Madagascar, successful Escape 2 Africa

“I like to move it, move it.”
“He likes to move, move it.”
“She likes to move it, move it.”
“We like to … move it!”

The catchy opening song to Madagascar: Escape 2 Africa is the most recognizable part of the first movie, in which four New York zoo animals find themselves on a ship headed to the island of Madagascar.

In the second movie, however, the animals, in their attempt to make it back to New York, crash land in mainland Africa.

The collision forces Alex, Marty, Gloria and Melman to learn what their own species do in the wild, and Alex has an improbable encounter with a family member, Zuba, voiced by the late Bernie Mac.

Courtesy MCT Campus

The animals’ development in the story is fun to watch, and the humor in the film, although intended for children, can adapt even to the most mature sense of humor.

The cross-species love story in the sequel provides backbone to the two characters involved and also shifts the focus away from the dominant nature of Alex’s story.

The film does justice to each character, embracing its unique traits, while still showing that it is the same as its ancestors “back home.”

The story gives the “cookie-cutter” zoo animals more depth, but reminds them of their love for the zoo they left.

The all-star voicing in the sequel is led by Ben Stiller (Alex), Chris Rock (Marty), Jada Pinkett Smith (Gloria) and David Schwimmer (Melman). The cast also includes big names like Sacha Baron Cohen, Cedric the Entertainer and Alec Baldwin.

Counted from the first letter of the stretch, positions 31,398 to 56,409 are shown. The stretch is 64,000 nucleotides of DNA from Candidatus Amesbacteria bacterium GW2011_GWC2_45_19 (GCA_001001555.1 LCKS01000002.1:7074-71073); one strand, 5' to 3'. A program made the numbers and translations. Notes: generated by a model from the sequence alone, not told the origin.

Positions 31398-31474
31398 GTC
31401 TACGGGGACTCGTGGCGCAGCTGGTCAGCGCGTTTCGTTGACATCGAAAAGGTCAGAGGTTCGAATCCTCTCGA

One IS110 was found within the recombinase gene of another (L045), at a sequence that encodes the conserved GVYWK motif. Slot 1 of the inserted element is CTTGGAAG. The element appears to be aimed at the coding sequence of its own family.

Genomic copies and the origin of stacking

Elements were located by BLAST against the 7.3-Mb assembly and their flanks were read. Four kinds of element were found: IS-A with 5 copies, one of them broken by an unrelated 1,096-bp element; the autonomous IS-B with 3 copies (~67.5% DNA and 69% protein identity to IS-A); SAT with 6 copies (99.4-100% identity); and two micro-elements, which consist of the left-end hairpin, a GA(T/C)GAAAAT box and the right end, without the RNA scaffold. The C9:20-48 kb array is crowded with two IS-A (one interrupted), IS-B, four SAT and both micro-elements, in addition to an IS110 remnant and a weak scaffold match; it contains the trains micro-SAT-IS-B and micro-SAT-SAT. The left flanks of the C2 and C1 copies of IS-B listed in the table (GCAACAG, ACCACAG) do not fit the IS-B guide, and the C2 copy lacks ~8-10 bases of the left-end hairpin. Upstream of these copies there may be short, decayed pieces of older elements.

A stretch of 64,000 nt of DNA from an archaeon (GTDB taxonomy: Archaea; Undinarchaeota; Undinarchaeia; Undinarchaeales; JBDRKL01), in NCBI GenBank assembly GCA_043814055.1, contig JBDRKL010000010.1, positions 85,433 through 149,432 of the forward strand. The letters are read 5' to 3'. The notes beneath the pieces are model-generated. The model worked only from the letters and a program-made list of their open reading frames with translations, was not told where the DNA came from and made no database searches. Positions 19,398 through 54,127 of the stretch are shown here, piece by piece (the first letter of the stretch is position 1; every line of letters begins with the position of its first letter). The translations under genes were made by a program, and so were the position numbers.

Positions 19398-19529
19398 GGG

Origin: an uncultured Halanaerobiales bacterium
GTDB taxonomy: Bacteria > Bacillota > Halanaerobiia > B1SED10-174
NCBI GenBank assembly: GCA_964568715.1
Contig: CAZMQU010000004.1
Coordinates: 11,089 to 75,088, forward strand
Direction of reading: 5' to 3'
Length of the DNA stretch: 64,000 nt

The performance by Bernie Mac was one of his last on film. The late actor appears in Soul Men and this sequel to Madagascar.

His career began in 1992 in Mo’ Money, as a doorman, but blossomed into a rich portfolio of blockbusters including Transformers, Ocean’s Thirteen and Guess Who, along with his own show.

The recognizable voices in the movie, however, are not a distraction from the story.

All performers do a great job of encompassing their roles, shedding the stereotypical acting that goes along with their voices.

The only downside to the film is the lack of continuity between the minor characters from the first and second movie.

The lemur king is silly, but his part in the movie is almost overplayed, and his circumstantial appearances in the stories of the four zoo animals in this movie are seemingly spastic.

The plotting penguins are done an injustice in the film. They are underplayed and underutilized in the development of the story.

An encounter between the wild animals and the out-of-place penguins would have definitely been interesting to watch.

The bottom line: Madagascar: Escape 2 Africa earns a four-bell rating out of five.

It is a continuation of the good ideas from the first movie, great character development and a compelling love story.

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